The United Nations has projected global population will reach 8 billion in the middle of November 2022. This will mark a historic turning point for humanity and raise concerns about sustainability.
In the last 50 years, the population has doubled; 4 billion people lived on Earth in 1974. And after the world’s population reached 7 billion in 2011, it only took a little more than ten years to add its most recent billion.
Asia and Africa contributed the most to the growth, while Europe’s population will soon decline.
The UN said, “The world’s population will reach 8 billion in the middle of November – a testament to scientific breakthroughs and improvements in nutrition, public health, and sanitation. But as our human family grows larger, it is also growing more divided.”
Billions face hardship: António Guterres, secretary-general of the United Nations, stated that billions of people are struggling; hundreds of millions are facing hunger and even famine. Record numbers are on the move seeking opportunities and relief from debt and hardship, wars, and climate disasters.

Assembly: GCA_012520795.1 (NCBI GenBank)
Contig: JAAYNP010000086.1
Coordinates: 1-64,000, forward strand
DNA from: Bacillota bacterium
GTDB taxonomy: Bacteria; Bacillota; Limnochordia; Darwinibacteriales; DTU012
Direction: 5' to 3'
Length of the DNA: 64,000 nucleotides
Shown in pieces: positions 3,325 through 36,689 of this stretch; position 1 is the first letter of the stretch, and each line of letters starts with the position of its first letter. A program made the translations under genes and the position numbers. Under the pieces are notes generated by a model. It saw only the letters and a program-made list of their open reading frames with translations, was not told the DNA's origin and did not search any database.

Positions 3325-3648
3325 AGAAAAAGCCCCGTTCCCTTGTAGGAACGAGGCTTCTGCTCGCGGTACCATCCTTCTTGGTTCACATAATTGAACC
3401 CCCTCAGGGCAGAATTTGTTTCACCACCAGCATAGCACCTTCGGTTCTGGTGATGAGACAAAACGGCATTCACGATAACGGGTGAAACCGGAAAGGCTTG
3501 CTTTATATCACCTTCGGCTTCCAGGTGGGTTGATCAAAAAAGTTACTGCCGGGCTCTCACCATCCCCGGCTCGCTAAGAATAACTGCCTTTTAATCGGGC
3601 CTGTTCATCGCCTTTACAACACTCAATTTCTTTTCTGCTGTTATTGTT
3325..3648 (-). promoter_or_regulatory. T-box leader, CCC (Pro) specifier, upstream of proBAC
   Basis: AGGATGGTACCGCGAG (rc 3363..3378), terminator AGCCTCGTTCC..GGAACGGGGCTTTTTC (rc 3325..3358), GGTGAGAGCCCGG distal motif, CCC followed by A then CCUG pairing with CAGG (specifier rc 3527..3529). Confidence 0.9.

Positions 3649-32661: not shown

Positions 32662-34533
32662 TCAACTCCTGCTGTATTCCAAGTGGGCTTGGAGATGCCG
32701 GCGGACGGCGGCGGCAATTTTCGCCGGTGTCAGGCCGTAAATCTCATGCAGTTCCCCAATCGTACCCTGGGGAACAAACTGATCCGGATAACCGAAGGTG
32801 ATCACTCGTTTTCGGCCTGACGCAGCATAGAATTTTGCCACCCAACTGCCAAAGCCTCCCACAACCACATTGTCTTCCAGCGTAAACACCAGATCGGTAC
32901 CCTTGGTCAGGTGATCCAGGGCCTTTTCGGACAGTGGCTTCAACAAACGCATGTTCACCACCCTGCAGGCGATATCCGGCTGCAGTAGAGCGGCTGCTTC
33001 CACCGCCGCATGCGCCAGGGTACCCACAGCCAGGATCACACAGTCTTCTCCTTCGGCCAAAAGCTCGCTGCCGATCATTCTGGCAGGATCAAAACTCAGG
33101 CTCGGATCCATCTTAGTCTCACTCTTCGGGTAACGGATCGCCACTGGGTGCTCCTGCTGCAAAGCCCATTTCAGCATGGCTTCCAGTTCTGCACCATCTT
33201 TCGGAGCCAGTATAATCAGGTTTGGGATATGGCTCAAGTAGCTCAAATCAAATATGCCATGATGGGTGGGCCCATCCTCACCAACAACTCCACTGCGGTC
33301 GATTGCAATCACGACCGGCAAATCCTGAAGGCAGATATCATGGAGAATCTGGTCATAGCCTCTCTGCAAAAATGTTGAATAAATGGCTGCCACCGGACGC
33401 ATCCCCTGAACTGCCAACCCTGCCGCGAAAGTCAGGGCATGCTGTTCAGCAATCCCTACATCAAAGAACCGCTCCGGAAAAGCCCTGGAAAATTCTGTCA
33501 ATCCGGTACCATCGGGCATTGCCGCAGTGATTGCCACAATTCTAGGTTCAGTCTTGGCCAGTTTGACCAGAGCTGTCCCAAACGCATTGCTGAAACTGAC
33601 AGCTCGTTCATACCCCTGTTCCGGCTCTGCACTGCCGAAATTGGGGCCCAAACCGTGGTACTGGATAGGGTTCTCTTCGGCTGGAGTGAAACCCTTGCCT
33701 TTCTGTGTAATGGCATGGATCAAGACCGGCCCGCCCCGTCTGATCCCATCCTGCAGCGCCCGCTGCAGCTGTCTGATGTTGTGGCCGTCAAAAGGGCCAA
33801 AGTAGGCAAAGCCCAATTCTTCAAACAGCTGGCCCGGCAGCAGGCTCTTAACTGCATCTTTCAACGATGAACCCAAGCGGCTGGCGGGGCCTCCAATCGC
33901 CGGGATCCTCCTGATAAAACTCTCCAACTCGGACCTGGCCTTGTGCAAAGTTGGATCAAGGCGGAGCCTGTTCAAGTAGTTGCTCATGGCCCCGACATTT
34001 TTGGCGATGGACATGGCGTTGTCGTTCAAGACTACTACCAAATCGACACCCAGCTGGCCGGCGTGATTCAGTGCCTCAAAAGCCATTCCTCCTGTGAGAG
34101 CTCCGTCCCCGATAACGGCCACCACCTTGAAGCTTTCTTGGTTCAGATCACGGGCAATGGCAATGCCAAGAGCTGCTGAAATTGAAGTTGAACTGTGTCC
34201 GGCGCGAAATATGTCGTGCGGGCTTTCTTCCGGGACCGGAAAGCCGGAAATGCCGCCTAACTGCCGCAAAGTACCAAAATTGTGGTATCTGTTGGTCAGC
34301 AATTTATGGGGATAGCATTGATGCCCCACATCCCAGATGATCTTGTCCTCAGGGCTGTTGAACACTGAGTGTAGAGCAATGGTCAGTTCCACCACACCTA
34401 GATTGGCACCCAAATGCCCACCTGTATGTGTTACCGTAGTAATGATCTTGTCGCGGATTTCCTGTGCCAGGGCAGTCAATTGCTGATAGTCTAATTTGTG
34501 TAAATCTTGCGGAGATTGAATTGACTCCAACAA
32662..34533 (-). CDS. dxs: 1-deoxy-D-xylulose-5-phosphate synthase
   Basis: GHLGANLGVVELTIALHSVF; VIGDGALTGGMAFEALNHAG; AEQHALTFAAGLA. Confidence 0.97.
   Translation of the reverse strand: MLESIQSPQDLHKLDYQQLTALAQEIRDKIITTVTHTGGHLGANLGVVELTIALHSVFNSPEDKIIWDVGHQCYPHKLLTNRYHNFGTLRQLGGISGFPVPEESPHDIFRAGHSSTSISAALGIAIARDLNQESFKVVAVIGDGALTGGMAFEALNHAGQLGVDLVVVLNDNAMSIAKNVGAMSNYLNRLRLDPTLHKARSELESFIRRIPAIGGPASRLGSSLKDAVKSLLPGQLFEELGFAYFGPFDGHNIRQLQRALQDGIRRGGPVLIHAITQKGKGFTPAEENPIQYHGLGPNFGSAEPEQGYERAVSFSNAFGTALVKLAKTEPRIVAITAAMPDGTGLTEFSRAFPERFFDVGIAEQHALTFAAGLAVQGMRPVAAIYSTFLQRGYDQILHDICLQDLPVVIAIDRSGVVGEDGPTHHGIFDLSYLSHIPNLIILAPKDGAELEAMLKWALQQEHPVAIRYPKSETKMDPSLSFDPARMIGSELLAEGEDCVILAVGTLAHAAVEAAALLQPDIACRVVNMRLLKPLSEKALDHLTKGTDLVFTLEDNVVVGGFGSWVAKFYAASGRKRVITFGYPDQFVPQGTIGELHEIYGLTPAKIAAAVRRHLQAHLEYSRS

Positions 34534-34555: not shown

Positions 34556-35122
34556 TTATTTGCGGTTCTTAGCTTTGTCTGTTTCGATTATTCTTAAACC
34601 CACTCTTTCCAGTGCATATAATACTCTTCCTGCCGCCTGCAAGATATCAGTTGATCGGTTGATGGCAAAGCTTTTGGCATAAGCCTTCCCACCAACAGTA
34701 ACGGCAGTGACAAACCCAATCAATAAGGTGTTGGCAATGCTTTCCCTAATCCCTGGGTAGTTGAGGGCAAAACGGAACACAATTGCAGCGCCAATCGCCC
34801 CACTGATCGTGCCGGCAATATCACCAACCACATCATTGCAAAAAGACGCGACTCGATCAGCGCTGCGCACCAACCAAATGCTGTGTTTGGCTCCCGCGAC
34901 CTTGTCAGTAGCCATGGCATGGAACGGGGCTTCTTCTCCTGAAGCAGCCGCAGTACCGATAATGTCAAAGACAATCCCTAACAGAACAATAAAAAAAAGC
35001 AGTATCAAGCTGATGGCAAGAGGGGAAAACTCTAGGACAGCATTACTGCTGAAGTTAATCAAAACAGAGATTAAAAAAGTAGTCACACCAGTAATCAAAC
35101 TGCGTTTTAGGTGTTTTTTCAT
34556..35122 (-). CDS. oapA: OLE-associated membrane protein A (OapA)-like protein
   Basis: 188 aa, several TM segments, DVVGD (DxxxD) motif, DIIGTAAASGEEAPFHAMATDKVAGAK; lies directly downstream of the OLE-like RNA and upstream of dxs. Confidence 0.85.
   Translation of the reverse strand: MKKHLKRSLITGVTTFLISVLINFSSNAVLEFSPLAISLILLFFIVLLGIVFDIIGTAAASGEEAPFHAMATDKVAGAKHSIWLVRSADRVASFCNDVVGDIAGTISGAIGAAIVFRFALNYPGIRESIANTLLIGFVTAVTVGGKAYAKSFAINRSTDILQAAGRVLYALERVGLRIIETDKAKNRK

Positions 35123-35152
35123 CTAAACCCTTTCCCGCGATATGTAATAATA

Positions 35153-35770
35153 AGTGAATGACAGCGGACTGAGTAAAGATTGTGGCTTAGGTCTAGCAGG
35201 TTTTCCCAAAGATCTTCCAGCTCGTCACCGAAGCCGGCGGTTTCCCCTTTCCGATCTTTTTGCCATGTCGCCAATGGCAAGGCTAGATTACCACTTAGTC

He said, “Unless we bridge the yawning chasm between the global haves and have-nots, we are setting ourselves up for an 8-billion-strong world filled with tensions and mistrust, crisis and conflict.”
“The facts speak for themselves. A handful of billionaires control as much wealth as the poorest half of the world. The top one percent globally pocket one-fifth of the world’s income, while people in the richest countries can expect to live up to 30 years longer than those in the poorest. As the world has grown richer and healthier in recent decades, these inequalities have grown too.“
The implication: One billion more people have joined the planet’s population in the past 11 years, bringing the total to eight billion. According to the most recent UN estimates, the world’s population could reach 8.5 billion people in 2030 and 9.7 billion by 2050.
However, even though the world population is at record highs, demographers observe that the rate of growth has steadily decreased to less than 1% annually. As a result, nine billion people should not inhabit the planet until 2037.
In a world where food insecurity is already a problem, more economic hardship is likely to result if the population growth rate is not kept up by improvements in the global growth rate aided by technology.
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